"Issues such as the statute of limitations, when did
it run, what crimes were committed, when were they committed
if they were committed, these are all prosecutorial decisions,"
she said. "I am the only one empowered to make them because
I am the prosecutor."
Abraham said she also expected the grand jury to be interested
in a report that the Philadelphia Police Department sex crimes
unit had once maintained an "unofficial policy"
of not pursuing criminal cases against priests. This "unofficial
policy" was described by retired Chief Inspector Thomas
Roselli in an article in Monday's Inquirer. Roselli said this
policy was in effect during all the years he oversaw the sex
crimes unit, from 1969 to 1985.
By convening a grand jury, Abraham has chosen an investigative
tactic that gives prosecutors in Pennsylvania broad powers
in compelling testimony and the turning over of documents
or other evidence as part of a criminal investigation. Such
juries also can choose to issue reports and policy recommendations
without calling for criminal charges.
Under state law, a grand jury investigation is secret. Abraham
said this was an important reason for taking this route.
"We wanted to make sure that whatever we do is done
appropriately and quietly, out of the glare of the news media,"
she said. ". . . We want to give people who want to come
forward the confidence to come forward."
Abraham and members of her staff have met twice with lawyers
for the archdiocese in recent weeks. Abraham described those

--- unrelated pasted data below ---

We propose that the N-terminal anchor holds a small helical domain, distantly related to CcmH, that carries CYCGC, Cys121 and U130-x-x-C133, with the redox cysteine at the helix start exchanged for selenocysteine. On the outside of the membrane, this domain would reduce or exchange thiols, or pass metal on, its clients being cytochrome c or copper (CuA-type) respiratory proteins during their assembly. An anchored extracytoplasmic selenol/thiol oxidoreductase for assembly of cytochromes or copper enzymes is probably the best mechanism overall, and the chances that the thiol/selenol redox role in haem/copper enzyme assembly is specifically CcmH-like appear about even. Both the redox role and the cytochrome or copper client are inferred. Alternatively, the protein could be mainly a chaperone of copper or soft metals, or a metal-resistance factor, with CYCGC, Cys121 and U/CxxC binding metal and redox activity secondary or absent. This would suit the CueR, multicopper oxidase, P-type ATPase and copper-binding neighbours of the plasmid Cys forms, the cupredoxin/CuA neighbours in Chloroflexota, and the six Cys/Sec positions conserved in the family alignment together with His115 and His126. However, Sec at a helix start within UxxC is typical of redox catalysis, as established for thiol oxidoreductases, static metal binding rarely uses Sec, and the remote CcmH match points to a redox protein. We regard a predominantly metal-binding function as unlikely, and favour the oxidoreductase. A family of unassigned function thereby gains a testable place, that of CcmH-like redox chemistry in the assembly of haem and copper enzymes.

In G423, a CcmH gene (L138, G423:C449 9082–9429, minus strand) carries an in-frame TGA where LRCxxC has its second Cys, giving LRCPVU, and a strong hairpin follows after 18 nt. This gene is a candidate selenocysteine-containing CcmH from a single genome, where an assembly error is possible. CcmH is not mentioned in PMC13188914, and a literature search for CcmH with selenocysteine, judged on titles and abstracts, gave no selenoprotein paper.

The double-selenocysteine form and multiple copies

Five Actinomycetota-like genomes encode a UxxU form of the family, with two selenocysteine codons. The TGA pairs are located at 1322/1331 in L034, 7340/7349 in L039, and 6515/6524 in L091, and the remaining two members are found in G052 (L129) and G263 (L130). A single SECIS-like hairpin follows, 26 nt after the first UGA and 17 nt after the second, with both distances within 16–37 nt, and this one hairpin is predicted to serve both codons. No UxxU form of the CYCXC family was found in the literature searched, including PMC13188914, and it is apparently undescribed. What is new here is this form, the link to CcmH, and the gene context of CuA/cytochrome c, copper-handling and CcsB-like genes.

meetings as "productive." She said she encountered
no reluctance by the archdiocese to cooperate.
Still, she said, she felt the grand jury, with the power
to subpoena testimony from reluctant witnesses, was the "only
way find out what happened or didn't happen."
One reason for that, a former prosecutor theorized, could
be a concern that the archdiocese's cooperation might waver.
"It could also be a situation where, even though the
official representatives of the archdiocese are being cooperative,
the prosecutor expects that further down the road there may
be some elements, maybe individual priests who may not be
cooperative," said lawyer L. George Parry, a former federal
prosecutor and assistant district attorney.
Abraham said she was uncertain where her investigation might
"Is it going to be easy or a piece of cake? No,"
she said. "But will it be helpful and beneficial for
us as a society? I think it will be, if there are criminal
charges to be brought or changes in the system to be made,
or airing of what's right and wrong. I think that will be